Compare Softcat vs CIL Management Consultants BETASee how working at Softcat vs. CIL Management Consultants compares on a variety of workplace factors. By comparing employers on employee ratings, salaries, reviews, pros/cons, job openings and more, you'll feel one step ahead of the rest. All salaries and reviews are posted by employees working at Softcat vs. CIL Management Consultants. Learn more about each company and apply to jobs near you.
- Softcat scored higher in 3 areas: Compensation & Benefits, Work-life balance and Positive Business Outlook.
- CIL Management Consultants scored higher in 6 areas: Overall Rating, Career Opportunities, Senior Management, Culture & Values, CEO Approval and % Recommend to a friend.
What Employees Say
- "Working environment" was the most mentioned Pro at Softcat.
- "Long hours" was the most mentioned Con at Softcat.
I worked at Softcat full-time for more than 3 years
There are a lot of perks with working at Softcat, even being in admin, such as admin day, 4pm beers, nights out and team lunches but a lot of it is aimed around drinking and a lot of the bigger... company incentives are aimed at sales or the more popular admin people.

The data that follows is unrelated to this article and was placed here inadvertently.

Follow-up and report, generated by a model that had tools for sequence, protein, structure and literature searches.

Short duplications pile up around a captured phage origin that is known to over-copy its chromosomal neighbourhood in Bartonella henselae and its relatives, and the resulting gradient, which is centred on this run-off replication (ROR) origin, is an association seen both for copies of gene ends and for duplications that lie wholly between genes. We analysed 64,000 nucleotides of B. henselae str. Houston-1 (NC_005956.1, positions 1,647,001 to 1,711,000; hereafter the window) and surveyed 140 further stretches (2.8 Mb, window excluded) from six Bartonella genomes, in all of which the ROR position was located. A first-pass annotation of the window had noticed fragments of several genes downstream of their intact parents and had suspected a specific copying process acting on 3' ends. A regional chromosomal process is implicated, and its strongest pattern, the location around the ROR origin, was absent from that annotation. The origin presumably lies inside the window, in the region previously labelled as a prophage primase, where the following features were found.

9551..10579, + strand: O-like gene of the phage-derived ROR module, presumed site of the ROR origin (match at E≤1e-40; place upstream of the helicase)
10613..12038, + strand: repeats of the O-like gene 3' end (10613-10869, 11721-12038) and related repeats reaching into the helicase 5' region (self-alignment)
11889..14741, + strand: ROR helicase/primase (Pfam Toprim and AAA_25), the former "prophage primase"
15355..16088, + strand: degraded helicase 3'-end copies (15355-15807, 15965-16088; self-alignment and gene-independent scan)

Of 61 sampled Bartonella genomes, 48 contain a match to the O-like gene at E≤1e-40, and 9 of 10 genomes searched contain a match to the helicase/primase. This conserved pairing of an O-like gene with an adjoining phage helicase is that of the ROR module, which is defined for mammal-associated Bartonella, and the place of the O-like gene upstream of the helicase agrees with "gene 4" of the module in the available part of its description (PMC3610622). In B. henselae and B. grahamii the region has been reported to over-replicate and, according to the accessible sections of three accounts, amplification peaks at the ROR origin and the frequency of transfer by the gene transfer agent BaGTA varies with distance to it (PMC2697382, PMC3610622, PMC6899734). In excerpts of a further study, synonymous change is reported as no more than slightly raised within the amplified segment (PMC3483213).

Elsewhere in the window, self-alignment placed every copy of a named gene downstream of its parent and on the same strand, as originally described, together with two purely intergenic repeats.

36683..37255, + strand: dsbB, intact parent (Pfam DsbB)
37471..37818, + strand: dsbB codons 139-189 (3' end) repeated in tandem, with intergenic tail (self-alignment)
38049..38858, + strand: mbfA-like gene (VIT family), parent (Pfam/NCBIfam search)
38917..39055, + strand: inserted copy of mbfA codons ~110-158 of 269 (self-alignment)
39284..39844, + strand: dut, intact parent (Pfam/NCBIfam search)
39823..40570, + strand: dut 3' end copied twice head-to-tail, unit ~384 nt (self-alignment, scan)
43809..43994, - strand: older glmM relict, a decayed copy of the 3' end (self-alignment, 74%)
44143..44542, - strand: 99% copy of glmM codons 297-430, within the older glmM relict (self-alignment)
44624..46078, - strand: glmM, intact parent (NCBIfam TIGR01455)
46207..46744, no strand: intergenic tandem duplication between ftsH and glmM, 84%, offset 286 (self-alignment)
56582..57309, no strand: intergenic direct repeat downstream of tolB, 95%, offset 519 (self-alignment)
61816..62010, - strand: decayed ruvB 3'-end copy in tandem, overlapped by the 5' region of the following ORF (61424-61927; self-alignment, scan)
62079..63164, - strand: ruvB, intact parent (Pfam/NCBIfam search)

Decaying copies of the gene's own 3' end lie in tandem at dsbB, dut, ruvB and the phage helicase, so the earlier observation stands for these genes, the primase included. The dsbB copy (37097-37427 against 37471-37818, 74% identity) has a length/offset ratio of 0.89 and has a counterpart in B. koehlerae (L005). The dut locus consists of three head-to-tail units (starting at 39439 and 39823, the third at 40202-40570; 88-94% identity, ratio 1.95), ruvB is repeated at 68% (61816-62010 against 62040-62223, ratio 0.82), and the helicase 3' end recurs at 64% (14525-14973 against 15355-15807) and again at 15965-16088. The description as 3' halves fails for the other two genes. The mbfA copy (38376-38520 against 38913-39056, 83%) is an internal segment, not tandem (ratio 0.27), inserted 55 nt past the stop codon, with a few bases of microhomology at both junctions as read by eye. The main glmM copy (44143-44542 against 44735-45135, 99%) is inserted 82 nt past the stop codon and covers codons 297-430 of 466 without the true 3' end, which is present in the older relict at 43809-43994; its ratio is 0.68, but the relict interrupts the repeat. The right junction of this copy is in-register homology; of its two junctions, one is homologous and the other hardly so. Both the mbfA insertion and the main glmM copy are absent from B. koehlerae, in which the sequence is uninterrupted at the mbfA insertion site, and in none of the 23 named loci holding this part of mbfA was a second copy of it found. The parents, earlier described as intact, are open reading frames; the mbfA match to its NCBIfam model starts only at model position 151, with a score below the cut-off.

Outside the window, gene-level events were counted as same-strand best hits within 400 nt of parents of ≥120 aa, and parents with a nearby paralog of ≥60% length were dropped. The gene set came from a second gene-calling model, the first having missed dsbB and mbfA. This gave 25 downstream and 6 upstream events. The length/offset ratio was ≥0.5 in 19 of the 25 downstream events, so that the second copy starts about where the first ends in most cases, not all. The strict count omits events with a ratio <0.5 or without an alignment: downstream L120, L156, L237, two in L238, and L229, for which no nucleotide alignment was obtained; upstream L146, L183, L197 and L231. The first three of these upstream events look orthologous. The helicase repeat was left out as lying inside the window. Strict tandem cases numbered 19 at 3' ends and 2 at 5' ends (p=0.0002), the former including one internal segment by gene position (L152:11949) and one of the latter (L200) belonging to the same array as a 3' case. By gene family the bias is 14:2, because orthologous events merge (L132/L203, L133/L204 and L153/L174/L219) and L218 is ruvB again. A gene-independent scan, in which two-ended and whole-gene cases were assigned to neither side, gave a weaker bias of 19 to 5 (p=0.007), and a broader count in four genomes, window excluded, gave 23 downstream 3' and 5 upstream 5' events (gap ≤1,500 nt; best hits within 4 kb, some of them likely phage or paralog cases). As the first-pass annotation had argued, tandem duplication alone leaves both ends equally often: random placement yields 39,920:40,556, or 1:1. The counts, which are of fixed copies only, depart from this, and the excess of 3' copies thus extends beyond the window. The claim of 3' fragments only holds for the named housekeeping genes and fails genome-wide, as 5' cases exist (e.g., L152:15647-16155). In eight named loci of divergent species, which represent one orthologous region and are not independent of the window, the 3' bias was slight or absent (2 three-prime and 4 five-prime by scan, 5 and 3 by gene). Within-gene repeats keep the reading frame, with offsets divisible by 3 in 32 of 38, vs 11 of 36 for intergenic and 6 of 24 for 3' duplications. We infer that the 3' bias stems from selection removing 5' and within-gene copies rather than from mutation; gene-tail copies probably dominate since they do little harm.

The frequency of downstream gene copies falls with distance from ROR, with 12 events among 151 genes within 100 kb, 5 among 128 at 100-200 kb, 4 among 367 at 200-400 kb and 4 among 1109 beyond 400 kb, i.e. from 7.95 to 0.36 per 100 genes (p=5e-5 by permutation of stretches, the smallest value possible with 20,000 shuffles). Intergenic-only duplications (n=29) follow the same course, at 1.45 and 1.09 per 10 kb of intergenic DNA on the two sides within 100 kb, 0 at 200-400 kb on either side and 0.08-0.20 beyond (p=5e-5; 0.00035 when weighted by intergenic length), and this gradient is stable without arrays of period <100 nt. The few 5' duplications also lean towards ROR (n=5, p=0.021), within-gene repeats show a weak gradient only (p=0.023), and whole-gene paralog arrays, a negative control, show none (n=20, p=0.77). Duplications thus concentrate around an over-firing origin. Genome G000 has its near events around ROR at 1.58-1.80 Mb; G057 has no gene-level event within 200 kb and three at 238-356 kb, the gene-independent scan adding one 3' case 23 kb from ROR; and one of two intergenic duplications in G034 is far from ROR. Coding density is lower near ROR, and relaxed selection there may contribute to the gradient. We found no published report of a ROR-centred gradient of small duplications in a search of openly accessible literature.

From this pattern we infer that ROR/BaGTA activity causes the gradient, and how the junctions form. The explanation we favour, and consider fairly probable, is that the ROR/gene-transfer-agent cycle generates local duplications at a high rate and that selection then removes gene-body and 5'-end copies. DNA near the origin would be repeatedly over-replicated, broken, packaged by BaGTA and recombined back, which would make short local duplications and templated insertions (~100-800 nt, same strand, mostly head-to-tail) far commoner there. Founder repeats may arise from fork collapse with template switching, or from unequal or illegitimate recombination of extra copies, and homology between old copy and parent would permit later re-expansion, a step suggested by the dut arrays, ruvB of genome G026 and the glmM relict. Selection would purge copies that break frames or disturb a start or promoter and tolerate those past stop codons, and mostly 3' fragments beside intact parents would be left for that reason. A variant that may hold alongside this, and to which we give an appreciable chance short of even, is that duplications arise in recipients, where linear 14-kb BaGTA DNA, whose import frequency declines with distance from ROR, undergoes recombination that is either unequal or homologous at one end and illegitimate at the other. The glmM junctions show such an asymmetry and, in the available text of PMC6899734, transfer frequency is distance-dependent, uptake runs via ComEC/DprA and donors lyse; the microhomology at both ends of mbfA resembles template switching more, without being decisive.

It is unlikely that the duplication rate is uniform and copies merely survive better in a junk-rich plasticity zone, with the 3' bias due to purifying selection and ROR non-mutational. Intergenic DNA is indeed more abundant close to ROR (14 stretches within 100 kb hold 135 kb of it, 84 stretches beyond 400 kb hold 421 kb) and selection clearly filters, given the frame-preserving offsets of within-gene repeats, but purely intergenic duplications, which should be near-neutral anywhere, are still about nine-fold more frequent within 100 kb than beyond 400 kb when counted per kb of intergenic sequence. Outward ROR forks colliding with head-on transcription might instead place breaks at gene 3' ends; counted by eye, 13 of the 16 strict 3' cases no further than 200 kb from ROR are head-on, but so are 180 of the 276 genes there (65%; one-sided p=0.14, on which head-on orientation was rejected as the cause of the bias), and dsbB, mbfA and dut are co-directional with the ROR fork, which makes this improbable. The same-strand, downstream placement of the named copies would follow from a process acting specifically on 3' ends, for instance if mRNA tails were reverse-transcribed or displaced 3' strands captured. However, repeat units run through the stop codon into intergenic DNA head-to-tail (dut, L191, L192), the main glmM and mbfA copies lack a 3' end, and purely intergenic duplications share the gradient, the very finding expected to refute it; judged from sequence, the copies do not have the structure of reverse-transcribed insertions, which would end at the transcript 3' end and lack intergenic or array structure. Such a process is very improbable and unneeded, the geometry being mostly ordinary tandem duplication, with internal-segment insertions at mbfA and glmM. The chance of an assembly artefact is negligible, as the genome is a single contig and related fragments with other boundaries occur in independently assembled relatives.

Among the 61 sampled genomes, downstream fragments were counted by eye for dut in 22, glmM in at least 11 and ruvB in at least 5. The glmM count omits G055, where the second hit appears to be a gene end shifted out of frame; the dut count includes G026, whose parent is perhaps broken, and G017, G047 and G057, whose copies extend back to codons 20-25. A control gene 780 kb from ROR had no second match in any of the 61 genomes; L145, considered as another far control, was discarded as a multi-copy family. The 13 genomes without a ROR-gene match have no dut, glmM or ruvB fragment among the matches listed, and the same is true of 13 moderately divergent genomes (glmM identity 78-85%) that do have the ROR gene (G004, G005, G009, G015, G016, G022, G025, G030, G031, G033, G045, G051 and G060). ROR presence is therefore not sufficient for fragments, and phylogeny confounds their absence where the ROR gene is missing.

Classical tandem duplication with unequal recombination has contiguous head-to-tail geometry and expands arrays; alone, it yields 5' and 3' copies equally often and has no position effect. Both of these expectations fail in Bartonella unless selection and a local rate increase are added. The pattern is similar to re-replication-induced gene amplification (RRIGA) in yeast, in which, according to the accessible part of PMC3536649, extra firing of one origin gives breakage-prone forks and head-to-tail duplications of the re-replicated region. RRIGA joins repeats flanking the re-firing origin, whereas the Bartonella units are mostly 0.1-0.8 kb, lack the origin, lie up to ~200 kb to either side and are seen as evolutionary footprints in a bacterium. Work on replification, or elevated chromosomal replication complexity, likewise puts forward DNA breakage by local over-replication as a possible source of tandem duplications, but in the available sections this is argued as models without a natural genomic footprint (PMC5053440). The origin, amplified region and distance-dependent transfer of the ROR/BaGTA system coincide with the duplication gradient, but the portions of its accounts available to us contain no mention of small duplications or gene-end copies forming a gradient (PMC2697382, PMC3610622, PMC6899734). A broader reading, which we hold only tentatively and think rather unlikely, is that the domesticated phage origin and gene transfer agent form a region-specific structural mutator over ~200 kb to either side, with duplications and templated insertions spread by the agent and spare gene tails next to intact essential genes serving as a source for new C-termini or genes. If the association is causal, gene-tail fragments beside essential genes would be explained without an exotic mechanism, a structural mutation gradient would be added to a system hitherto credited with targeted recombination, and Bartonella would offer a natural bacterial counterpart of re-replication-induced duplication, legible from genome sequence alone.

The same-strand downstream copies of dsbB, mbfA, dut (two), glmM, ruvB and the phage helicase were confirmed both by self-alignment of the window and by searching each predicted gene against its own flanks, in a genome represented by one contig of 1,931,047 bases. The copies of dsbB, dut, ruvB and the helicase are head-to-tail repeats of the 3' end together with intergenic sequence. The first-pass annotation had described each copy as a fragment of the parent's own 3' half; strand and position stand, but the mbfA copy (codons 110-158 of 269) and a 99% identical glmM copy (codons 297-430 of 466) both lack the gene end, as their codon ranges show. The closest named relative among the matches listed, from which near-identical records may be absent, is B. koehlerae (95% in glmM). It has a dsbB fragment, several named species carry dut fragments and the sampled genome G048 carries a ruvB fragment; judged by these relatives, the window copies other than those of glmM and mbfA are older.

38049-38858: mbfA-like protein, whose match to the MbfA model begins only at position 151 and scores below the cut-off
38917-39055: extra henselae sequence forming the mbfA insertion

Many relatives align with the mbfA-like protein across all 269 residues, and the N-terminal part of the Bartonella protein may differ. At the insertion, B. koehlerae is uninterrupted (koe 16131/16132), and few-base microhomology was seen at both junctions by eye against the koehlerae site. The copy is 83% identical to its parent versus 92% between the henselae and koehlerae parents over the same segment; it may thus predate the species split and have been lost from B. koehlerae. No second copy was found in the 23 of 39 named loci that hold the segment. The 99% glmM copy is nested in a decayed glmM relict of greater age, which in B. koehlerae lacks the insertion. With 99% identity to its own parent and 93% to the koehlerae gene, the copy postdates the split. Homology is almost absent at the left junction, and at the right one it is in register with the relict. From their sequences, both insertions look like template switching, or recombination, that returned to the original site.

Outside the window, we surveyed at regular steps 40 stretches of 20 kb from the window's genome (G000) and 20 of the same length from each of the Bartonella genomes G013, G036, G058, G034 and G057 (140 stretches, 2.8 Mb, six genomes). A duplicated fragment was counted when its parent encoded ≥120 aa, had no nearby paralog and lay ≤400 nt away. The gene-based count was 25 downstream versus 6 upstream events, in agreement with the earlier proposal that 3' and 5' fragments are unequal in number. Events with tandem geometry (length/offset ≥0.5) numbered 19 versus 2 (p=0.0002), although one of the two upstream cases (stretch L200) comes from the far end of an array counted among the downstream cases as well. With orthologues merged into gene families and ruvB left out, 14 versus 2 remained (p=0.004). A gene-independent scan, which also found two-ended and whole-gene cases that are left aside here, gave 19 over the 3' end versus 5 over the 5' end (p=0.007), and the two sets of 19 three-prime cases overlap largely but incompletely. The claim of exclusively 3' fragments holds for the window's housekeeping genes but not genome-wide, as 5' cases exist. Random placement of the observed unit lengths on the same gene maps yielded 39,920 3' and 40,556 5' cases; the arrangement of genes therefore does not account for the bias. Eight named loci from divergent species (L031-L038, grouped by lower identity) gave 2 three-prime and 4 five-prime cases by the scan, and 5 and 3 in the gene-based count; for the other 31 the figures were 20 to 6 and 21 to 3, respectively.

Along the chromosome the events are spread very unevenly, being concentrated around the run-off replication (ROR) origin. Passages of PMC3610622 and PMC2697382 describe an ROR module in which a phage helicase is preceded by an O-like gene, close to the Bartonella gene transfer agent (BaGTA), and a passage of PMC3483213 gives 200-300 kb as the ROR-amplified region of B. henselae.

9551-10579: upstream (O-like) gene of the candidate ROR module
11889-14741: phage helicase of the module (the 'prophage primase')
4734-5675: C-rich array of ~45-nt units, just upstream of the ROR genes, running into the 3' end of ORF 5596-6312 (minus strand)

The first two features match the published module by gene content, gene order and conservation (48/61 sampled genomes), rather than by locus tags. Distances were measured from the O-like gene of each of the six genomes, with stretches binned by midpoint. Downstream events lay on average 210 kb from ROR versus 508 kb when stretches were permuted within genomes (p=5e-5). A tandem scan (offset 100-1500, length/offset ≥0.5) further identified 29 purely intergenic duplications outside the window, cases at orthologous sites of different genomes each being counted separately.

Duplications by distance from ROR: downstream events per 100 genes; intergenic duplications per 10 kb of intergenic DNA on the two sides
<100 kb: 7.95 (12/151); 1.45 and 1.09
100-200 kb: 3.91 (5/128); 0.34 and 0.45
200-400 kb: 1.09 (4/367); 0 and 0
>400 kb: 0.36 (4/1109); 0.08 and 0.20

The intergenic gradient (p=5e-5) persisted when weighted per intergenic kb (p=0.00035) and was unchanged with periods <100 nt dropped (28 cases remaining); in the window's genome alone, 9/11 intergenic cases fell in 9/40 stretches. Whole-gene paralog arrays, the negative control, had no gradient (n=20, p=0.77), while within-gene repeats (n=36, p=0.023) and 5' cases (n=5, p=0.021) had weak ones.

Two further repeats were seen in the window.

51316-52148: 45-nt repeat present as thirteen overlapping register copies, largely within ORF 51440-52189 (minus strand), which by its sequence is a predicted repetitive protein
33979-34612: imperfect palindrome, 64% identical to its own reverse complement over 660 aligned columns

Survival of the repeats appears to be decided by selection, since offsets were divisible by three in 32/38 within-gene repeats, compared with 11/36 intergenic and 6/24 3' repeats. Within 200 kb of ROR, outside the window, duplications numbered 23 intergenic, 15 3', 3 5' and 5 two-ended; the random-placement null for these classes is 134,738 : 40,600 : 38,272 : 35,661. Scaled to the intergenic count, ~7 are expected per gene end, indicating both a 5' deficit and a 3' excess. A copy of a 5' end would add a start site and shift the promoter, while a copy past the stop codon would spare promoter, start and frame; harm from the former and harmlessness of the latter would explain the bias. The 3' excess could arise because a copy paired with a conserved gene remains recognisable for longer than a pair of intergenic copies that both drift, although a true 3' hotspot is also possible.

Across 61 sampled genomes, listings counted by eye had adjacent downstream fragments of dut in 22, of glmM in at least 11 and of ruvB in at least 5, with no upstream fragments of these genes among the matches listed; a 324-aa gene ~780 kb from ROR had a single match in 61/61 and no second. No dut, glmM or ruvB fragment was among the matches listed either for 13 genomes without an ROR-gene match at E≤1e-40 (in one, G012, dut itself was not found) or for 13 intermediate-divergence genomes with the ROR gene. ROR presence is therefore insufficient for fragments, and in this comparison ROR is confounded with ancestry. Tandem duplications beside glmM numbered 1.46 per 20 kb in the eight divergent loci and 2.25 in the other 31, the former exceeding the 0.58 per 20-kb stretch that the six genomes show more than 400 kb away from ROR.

After over 3 years of working in admin for Softcat I wasn’t awarded the end of year bonus when I left, even though I worked the full financial year and up to the last week of the first quarter of the... next financial year, which was unbelievably disappointing when there was no decent enough reason for this in my eyes. I took this up with the CEO of the company and was just told that I wouldn’t be rewarded this as they would then have to give it to every other admin person who had left since the end of financial year, not the most inspiring chat. This unfortunately left me with a bad impression after 3 years of working with Softcat and many happy, fun memories there. I believe admin, across all areas, should have a higher base salary as I was only rewarded a £1,000 base salary increase after 3 promotions within the company in the same department. If I was in sales and was promoted even once, I would imagine the base salary increase is much more than £1,000.